TAMPA — The Hillsborough judge who touched off controversy by saying he would use Islamic law to help decide a lawsuit against a mosque cited a different authority as he ordered the case dismissed.
The U.S. Constitution.
Circuit Judge Richard Nielsen ruled last week that the Constitution barred the court from getting involved in a dispute between the mosque — the Islamic Education Center of Tampa — and several ousted trustees.
The order is something of an about-face for Nielsen, whose earlier ruling that he would use "ecclesiastical Islamic law" to decide an issue in the case triggered national publicity and criticism from some commentators.
In a brief two-page order, Nielsen cited an earlier, precedent-setting ruling by another court in a different case that found "the trial court could not intervene in an internal church governance dispute."
Quoting that decision, Nielsen wrote that the Constitution "permits hierarchical religious organizations to establish their own rules and regulations for internal discipline and governance, and to create tribunals for adjudicating disputes over these matters."
Nielsen concluded, "Once such matters are decided by an ecclesiastical tribunal, the civil courts are to accept the decision as binding on them."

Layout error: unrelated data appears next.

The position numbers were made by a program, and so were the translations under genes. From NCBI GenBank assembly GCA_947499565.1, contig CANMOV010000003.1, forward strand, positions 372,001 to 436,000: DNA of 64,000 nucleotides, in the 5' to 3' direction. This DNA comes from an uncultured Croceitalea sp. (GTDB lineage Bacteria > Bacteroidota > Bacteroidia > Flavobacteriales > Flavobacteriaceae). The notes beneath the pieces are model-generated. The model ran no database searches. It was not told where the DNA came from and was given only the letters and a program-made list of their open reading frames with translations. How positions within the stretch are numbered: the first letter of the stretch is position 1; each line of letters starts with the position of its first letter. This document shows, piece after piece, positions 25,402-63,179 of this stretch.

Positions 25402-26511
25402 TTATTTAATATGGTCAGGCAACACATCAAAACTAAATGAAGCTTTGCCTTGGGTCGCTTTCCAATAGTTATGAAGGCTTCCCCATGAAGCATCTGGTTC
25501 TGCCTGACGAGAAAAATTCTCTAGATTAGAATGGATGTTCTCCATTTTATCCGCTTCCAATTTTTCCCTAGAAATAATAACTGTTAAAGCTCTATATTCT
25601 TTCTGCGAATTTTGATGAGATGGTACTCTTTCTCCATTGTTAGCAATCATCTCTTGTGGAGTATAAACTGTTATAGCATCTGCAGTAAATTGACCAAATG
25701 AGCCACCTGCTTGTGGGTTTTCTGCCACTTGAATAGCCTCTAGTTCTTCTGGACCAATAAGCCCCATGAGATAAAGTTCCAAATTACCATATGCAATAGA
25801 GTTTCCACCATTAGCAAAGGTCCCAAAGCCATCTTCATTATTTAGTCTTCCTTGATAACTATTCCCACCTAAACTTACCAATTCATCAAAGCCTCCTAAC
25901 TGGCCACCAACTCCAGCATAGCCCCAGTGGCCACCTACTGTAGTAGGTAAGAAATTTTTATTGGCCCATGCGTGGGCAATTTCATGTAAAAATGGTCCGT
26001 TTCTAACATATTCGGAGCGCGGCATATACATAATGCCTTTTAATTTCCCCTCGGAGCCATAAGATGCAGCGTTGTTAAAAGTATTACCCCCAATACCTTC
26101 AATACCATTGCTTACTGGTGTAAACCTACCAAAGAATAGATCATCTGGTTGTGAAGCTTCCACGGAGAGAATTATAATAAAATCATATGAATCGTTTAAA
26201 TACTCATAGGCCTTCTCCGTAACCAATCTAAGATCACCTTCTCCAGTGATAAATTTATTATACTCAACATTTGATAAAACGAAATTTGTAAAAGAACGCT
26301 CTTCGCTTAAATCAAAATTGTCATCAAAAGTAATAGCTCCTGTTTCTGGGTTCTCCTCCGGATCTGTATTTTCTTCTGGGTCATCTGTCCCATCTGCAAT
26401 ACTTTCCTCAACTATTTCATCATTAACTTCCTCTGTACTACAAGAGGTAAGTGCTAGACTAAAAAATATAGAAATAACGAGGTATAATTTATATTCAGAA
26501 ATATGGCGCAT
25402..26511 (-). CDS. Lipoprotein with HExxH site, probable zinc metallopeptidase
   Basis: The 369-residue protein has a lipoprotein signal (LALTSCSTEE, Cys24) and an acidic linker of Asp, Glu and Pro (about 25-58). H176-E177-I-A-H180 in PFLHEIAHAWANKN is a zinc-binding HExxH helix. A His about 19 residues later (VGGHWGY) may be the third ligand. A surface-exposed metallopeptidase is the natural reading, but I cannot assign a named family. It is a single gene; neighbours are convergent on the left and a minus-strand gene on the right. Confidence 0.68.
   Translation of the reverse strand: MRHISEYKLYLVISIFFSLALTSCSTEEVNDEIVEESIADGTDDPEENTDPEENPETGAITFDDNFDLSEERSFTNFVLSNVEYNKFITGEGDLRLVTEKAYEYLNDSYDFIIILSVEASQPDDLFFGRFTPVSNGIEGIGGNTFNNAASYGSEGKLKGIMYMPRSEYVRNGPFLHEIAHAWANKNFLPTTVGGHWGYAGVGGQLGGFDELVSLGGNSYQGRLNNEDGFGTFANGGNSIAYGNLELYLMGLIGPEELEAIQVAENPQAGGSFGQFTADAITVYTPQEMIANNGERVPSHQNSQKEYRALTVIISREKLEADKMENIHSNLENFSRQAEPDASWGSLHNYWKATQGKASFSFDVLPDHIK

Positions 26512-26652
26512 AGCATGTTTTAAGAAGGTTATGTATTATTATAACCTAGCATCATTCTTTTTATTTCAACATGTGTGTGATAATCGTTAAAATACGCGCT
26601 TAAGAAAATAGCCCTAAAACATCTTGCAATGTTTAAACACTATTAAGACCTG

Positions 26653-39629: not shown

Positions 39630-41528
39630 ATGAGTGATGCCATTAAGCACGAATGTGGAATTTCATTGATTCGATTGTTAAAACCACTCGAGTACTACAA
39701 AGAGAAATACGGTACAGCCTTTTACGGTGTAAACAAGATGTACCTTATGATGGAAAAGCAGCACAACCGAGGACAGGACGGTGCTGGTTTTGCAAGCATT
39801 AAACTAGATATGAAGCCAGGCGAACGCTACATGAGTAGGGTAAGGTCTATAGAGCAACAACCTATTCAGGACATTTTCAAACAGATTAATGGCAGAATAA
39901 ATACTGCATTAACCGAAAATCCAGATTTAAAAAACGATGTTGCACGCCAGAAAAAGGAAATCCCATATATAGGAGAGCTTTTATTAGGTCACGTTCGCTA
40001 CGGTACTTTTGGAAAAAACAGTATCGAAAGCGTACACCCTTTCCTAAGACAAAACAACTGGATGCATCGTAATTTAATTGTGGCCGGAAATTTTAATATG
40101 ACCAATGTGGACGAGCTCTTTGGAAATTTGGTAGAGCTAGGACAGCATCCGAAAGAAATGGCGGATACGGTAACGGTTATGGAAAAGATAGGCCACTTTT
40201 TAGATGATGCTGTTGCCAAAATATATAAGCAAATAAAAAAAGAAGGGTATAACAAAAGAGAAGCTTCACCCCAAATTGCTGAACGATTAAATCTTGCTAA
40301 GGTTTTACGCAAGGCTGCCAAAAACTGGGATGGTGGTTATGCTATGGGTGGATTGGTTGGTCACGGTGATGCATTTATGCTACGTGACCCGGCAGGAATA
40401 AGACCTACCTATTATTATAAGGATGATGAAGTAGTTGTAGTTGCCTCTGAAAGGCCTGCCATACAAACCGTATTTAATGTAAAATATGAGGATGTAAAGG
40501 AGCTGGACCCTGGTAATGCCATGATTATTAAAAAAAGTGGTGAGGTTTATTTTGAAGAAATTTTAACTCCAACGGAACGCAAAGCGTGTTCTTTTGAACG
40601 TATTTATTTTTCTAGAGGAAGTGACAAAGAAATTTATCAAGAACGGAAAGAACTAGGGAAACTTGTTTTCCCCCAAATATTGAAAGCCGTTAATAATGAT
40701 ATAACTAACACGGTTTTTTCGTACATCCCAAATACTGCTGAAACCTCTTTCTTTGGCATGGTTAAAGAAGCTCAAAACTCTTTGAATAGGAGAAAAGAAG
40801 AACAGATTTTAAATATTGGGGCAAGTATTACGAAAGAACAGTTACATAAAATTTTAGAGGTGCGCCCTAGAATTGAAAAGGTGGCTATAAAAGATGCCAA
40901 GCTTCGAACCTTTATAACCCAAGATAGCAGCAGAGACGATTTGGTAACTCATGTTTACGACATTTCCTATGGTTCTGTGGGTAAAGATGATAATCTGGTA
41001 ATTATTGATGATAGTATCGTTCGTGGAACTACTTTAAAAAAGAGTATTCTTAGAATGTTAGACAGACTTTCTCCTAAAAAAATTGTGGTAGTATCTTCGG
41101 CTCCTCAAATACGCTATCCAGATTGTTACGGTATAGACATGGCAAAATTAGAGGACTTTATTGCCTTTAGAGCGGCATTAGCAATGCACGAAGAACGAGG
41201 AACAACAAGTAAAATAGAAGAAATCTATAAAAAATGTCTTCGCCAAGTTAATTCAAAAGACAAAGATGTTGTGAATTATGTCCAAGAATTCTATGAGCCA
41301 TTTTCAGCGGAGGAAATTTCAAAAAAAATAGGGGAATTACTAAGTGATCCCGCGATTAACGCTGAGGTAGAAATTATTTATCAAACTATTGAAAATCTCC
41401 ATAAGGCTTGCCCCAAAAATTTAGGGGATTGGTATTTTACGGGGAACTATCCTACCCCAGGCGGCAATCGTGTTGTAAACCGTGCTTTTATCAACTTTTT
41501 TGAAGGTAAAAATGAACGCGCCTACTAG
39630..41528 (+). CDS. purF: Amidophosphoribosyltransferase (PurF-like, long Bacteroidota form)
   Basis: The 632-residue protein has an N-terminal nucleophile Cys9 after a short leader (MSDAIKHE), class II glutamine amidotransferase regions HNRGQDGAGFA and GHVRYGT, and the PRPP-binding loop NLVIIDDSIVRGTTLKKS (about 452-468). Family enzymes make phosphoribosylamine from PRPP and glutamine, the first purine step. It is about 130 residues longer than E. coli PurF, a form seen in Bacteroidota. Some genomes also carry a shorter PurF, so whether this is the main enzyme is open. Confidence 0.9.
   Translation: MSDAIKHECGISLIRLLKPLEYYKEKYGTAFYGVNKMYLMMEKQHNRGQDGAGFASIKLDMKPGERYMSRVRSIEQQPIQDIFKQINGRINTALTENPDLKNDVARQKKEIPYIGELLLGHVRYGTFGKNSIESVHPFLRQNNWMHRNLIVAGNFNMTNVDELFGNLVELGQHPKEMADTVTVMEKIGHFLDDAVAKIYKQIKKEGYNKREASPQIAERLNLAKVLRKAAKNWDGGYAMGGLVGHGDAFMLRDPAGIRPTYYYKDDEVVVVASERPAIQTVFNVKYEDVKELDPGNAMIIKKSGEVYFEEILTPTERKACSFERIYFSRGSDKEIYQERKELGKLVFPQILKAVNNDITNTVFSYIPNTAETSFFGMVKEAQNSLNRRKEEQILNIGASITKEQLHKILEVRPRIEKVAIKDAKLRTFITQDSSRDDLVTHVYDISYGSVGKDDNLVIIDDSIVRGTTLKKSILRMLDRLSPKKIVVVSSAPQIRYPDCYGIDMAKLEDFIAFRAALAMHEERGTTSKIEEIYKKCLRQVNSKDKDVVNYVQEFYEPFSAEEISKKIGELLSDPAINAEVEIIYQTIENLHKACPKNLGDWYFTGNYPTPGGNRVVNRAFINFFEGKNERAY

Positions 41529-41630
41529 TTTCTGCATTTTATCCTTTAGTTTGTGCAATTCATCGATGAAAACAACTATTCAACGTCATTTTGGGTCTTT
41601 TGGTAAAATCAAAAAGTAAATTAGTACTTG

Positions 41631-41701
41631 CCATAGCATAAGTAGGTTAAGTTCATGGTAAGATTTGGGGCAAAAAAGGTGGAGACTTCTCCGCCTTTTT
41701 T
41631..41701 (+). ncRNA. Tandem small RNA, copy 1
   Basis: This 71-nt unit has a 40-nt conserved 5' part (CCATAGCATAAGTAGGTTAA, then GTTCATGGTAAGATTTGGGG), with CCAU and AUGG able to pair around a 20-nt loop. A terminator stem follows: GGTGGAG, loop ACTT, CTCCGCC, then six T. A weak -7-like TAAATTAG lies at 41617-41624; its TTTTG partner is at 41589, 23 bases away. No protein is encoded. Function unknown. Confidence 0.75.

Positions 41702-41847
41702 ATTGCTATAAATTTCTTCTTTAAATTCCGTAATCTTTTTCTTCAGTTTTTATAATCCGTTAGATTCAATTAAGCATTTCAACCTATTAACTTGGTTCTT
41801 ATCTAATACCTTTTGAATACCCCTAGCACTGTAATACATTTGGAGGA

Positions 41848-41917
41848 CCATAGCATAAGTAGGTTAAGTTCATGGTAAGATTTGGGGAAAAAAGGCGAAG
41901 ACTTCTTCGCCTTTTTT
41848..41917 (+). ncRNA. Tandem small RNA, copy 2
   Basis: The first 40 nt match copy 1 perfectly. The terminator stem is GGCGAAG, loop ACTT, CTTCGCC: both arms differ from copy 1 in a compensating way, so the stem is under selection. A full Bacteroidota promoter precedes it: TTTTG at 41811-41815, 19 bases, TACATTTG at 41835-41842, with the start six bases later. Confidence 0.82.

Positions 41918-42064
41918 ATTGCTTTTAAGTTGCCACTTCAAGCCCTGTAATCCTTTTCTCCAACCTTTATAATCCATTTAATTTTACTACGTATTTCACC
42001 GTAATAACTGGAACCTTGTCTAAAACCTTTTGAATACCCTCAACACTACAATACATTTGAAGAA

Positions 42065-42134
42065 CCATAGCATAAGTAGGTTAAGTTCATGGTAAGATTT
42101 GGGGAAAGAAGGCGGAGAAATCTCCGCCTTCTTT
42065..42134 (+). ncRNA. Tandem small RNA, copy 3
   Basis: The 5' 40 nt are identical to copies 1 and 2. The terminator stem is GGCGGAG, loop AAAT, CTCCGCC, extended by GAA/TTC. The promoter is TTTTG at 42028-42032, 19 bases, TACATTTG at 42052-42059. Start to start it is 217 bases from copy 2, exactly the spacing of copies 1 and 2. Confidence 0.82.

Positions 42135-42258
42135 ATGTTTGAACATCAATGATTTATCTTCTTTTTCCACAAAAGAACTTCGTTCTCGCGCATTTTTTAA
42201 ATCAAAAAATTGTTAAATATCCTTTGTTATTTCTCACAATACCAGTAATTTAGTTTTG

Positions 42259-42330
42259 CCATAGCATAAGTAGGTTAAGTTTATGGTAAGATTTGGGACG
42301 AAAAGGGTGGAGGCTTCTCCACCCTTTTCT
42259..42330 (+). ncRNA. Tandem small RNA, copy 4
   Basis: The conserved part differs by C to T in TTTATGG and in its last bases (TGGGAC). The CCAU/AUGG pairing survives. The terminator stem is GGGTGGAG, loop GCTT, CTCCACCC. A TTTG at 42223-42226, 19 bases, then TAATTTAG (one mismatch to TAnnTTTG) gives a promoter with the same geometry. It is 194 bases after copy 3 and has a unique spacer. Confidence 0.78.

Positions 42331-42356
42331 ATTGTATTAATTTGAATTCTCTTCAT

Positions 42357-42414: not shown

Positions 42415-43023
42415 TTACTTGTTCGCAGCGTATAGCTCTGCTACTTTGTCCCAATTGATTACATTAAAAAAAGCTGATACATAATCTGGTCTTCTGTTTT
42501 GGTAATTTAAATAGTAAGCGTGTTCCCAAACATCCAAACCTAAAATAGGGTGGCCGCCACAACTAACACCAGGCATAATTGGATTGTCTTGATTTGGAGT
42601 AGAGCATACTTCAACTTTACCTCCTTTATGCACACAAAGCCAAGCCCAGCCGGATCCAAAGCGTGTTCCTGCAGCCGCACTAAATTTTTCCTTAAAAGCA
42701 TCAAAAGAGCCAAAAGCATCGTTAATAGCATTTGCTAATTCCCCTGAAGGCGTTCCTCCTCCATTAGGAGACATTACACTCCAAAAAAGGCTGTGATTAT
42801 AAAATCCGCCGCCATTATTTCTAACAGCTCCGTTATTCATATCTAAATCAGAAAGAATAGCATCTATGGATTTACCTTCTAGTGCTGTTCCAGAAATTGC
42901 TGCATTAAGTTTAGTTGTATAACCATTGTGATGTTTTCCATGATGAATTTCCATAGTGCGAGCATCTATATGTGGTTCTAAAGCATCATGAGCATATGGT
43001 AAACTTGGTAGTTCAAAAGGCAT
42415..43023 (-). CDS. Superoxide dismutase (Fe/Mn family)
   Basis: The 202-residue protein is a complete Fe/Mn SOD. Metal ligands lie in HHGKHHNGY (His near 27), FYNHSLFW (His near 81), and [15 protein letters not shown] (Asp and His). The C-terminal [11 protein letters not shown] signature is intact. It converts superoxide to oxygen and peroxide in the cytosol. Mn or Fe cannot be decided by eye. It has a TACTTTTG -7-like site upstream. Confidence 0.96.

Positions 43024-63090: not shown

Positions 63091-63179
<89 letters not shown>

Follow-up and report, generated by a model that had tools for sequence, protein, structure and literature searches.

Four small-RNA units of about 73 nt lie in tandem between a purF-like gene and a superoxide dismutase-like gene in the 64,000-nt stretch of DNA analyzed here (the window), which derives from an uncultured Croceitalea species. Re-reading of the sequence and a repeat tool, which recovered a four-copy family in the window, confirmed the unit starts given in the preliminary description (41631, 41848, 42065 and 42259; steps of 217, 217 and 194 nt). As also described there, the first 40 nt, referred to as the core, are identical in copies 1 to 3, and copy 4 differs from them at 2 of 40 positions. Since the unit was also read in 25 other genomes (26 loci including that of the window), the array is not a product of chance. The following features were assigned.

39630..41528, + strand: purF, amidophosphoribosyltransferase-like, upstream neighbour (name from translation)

The mosque's attorney, Paul Thanasides, said the ruling should allow the center and its directors to access $2.2 million that had been effectively frozen by the litigation. The money was paid by the state when some of the mosque's property was taken for a road project.
Thanasides said in an interview that the ousted trustees who sued the mosque were properly terminated under the center's rules and procedures. If that is the case, his clients retain firm control of the mosque.
"The law was followed the way it should be," the attorney said, noting his clients were unavailable for comment. "We look forward to a more peaceful future."
Attorney Lee Segal, representing the four ousted trustees, has 30 days to file an appeal. He said Monday that he was unsure if such an appeal would be filed.
"My clients are still weighing their options at this point," Segal said. "We don't know if there is anything we can do."
Nielsen made no attempt in his ruling to reconcile his earlier decision to use Islamic law with the new order dismissing the case. And judges do not comment on pending litigation.
"I just think the judge punted, which he is entitled to do," Segal said.
In his earlier rulings, Nielsen limited his use of Islamic law to deciding whether arbitration by an Islamic scholar mediating a dispute between the mosque and ousted trustees followed the teachings of the Koran.
The arbitrator ruled that the trustees had been improperly ousted. But the arbitration itself is in dispute, with mosque officials saying it never took place.
At the time of Nielsen's original decision last year, the political atmosphere was already charged with debate that Islamic law had gained a toehold in U.S. courts.
Even before Nielsen's ruling, two Florida lawmakers, Sen. Alan Hays and Rep. Larry Metz, announced legislation to prevent the use of any foreign legal code being applied in state courts.
The legislation was not adopted by Florida lawmakers.
Nielsen's order may simply leave both sides to settle the dispute among themselves, attorneys say.
"Maybe they'll do the proper Muslim thing and resolve their differences," Segal said.
William R. Levesque can be reached at email@example.com.